The third venue is another bar opposite the post office, it has a lean-to extension that opens up onto a large plaza, giving the kids plenty of room to run about outside whilst the Mama's all sit squashed together inside. This was the venue of choice for Friday night's dual party for Ferran and Ivan. The party started true to form with the giving of gifts, immediately followed by Joseph doing his best limpet impression, clinging onto me for dear life and developing an acute shyness that only ever happens at birthday parties. His usual trick of shunning the more healthy bocodillos for the evil that is Nutella sandwiches on overly sweet white sliced bread was played out along with the eating of ALL the communal crisps.
The skies over the village had taken on an ominous hue, the phrase 'a bit black o'er Bill's mother's' sprang to mind, or in Spanish 'un poco negro sobre la mama de Guillem' should such a direct translation ever be necessary. And oh how we laughed when our collective offspring squealed at the fat raindrops that fell out onto the plaza. And oh how short-lived that laughter was when the small lean-to housing 20 or so mamas suddenly became very small and very loud when all the kids ran in out of the rain.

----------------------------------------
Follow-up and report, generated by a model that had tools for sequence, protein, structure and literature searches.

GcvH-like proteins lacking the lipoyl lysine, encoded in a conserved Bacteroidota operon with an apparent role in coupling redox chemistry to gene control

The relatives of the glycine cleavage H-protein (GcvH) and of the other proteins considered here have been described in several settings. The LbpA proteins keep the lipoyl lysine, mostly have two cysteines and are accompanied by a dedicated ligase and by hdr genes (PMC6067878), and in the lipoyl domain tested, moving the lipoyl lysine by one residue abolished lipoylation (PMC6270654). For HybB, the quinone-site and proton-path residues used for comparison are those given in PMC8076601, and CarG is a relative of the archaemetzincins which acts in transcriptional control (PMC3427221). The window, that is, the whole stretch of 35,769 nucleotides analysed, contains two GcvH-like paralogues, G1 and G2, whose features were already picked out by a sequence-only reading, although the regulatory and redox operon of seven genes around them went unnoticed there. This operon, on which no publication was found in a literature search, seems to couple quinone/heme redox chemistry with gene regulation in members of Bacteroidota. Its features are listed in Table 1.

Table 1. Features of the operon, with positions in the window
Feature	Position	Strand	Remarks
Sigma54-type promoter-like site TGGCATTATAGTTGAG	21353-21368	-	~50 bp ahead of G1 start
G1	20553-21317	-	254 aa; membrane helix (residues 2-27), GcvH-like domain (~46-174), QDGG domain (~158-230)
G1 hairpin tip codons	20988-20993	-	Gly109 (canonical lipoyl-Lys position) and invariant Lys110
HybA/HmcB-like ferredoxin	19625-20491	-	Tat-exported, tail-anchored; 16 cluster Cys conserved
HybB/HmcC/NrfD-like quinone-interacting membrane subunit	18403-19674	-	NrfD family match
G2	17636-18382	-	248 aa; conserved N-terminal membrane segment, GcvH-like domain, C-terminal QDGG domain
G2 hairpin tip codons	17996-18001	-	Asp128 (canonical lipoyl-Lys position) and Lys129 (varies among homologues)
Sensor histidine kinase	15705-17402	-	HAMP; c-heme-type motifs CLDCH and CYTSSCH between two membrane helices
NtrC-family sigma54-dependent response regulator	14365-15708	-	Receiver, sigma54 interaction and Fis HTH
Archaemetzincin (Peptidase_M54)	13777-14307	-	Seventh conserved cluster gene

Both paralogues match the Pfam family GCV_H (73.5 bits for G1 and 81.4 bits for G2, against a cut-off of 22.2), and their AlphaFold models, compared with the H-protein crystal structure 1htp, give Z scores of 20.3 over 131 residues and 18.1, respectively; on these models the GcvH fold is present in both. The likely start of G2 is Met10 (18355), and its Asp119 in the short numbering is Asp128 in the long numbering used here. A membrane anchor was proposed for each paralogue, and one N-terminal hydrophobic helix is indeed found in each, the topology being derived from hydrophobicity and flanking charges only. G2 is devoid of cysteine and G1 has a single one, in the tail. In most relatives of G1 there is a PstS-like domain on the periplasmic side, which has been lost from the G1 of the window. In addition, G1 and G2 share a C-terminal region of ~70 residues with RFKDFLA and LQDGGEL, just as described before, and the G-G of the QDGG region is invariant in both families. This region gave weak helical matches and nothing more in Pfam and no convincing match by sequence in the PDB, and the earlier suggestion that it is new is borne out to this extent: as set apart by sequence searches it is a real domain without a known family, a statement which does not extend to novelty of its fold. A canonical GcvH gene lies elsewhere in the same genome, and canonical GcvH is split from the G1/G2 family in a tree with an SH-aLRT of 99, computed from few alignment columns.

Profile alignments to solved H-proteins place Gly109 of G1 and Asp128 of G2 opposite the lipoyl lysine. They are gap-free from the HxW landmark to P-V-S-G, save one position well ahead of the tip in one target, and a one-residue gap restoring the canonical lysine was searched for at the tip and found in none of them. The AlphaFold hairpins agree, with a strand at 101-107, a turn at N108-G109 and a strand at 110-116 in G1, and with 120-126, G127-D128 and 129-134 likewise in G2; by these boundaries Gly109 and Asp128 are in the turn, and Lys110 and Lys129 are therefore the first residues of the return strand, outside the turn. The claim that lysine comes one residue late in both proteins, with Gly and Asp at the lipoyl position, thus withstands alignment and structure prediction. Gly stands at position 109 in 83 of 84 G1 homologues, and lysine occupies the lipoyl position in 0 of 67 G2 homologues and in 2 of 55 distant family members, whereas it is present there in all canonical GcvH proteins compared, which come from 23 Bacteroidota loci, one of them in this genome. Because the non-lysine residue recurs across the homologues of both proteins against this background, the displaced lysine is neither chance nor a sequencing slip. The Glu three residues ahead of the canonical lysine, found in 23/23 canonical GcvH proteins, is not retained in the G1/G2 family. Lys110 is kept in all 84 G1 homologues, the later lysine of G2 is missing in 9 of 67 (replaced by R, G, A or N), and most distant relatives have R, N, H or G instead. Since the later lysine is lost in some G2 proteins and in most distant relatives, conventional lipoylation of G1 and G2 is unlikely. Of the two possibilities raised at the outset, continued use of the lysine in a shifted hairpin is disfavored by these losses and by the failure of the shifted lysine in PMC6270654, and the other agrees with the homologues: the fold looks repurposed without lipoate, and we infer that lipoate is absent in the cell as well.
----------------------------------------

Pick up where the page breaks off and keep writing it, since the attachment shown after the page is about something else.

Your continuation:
Cue all 3 babies present suddenly crying and a tantrum of epic, oscar-worthy proportions from young Xavi, as if his poor Papa didn't have enough to contend with being the only man in a sea of women and small children. The noise was deafening and I needed a drink. Sadly for me, Catalan birthday parties are dry affairs and I somehow resisted the urge to go to the bar and down a cheeky gin, thinking that there are probably enough adjectives used about me in the village without adding 'alcoholic' to the mix.